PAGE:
The United States Department of Agriculture (USDA) announced the second funding pool of the Partnerships for Climate-Smart Commodities on Monday. With $325 million in grants, this funding is intended to develop climate-smart agricultural products, spurring demand for products grown in ways that have measurable climate benefits, like reducing greenhouse gas emissions or sequestering carbon. After two rounds of funding, the total investment has exceeded $3.1 billion for 141 projects.
Who and what is USDA funding in this round?
In this round, the USDA funded a total of 71 projects at $250,000 to $5 million each. Based on a quick analysis counting the commodities cited in each project, it appears that the USDA has in this round prioritized specialty crops—the department’s shorthand for fruits, vegetables, and nuts, perishables that people actually eat—followed by beef, corn, soybeans, and livestock. This round of funding also focuses more on underserved farmers and on projects developed at minority-serving institutions (MSIs). The USDA has funded at least 16 projects led by various types of MSIs, such as tribal colleges and Historically Black Colleges and Universities (HBCUs), and several others where MSI’s are major partners. The USDA has also funded several projects led by or engaging/partnering with tribal groups, involving at least 20+ tribes and tribal groups across the country (after both rounds of funding).
Critical information gaps still exist…
The challenges we highlighted for the first round of funding remain unaddressed (for now!). No detailed project information is available (as of now) to help organizations like the Union of Concerned Scientists and other observers and stakeholders develop an understanding of the scale, nature, and feasibility of these projects.
There is also a funding disparity between both rounds of awards. The funding ceiling for this round focused on “underserved producers and minority serving institutions” was $5 million—the starting point for the first round of awards, where a large number of projects are led by multibillion dollar corporations. Our concern here is with equity. This disparity stems from the fact that bigger organizations have the technical capacity and expertise to apply for larger grants. For instance, in the first round, Land Grant Universities (LGUs) are leading projects with much higher funding ceilings than those led by MSIs. My colleague Dr. Alice Reznickova astutely notes, “We wonder if MSIs applied for larger funds and were not funded, or whether they felt discouraged from applying, as opposed to LGUs? In either case, we have to wonder whether that is a result of limited historical investments from the USDA in programs at MSIs that have prevented them from developing capacity to be able to apply for these large grants now.”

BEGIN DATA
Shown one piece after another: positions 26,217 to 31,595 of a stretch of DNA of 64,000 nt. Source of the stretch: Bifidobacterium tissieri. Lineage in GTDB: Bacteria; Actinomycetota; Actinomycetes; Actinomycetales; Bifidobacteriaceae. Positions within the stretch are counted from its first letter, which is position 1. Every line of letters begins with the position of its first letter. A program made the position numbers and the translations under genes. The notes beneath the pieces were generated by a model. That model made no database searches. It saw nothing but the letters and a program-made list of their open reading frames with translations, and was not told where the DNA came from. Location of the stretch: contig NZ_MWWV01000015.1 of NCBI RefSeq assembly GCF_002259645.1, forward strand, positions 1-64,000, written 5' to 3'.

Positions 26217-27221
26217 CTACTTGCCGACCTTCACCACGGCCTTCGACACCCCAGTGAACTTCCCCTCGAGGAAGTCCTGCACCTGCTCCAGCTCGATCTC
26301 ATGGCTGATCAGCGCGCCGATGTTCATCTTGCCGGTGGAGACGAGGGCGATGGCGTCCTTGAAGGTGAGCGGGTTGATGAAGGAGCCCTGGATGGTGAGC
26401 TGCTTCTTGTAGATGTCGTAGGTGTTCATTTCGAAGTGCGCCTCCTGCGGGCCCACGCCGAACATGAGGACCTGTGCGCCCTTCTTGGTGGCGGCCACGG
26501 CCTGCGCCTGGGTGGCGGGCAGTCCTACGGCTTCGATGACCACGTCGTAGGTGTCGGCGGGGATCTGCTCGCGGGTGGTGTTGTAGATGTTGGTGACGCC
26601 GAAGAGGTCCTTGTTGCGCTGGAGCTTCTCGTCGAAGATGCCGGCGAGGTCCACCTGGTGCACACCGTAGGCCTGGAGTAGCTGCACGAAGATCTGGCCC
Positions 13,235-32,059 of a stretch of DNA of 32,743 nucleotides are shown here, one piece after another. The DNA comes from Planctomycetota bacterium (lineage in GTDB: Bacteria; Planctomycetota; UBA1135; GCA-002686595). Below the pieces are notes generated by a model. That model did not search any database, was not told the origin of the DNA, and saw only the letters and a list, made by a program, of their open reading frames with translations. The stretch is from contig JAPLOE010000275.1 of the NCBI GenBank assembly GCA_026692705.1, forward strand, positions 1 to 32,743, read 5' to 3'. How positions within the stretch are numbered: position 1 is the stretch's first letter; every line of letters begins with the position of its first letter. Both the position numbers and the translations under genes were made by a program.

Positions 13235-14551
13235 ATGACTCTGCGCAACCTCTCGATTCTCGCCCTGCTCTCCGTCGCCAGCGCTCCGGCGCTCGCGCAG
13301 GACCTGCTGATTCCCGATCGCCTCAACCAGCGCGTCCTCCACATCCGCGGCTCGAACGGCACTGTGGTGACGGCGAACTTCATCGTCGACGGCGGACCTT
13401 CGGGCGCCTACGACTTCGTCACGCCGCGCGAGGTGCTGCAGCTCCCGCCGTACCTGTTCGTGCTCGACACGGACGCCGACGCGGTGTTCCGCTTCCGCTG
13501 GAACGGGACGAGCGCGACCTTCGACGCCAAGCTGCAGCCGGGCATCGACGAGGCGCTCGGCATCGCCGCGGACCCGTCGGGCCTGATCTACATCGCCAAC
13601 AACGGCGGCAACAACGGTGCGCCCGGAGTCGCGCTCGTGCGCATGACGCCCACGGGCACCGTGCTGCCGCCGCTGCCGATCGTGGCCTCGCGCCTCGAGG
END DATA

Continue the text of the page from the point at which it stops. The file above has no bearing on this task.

Given that industry and corporate players are likely to receive much higher funding than underserved producers, we note that these funding decisions seem to reinforce existing structural imbalances and inequities. Mega-corporations like Bayer and Cargill will be receiving funding from both pools, but this is also true for numerous universities, agribusiness, and nonprofit organizations, as the leading organizations and/or major project partners in both pools. Without knowing the exact breakdown of funds, it’s impossible to know who’s getting how much after both rounds. Unless the USDA is transparent and makes information public on how these dollars are being disbursed, tracking the money and the degree to which it is reaching underserved producers is impossible to figure out.
What we are NOT saying
Unlike some critics, we recognize the USDA’s intent to take climate action, as we believe that the Department has a long-overdue obligation to invest substantially in making farmers and our food supply more resilient and a part of the solution to the climate crisis. Such investments are absolutely critical to achieving the administration’s climate goals and moving toward a sustainable and equitable food and farming future. The USDA’s second-round funding announcement comes the same week as the release of the final report of the House Select Subcommittee on the Climate Crisis, which urged Congress to expand investments in climate solutions on the nation’s farms in the next Farm Bill.
We applaud the USDA’s investments that aim to build a more resilient food system and want to ensure that taxpayer dollars are being invested in projects with quantifiable benefits and that do not widen the disparities that exist within agriculture. Our ask for transparency on who is receiving how much funding and for what kind of projects will help us understand the degree to which these funds are being distributed equitably, towards science-backed interventions and practices with measurable climate benefits for the nation’s environment and agricultural systems.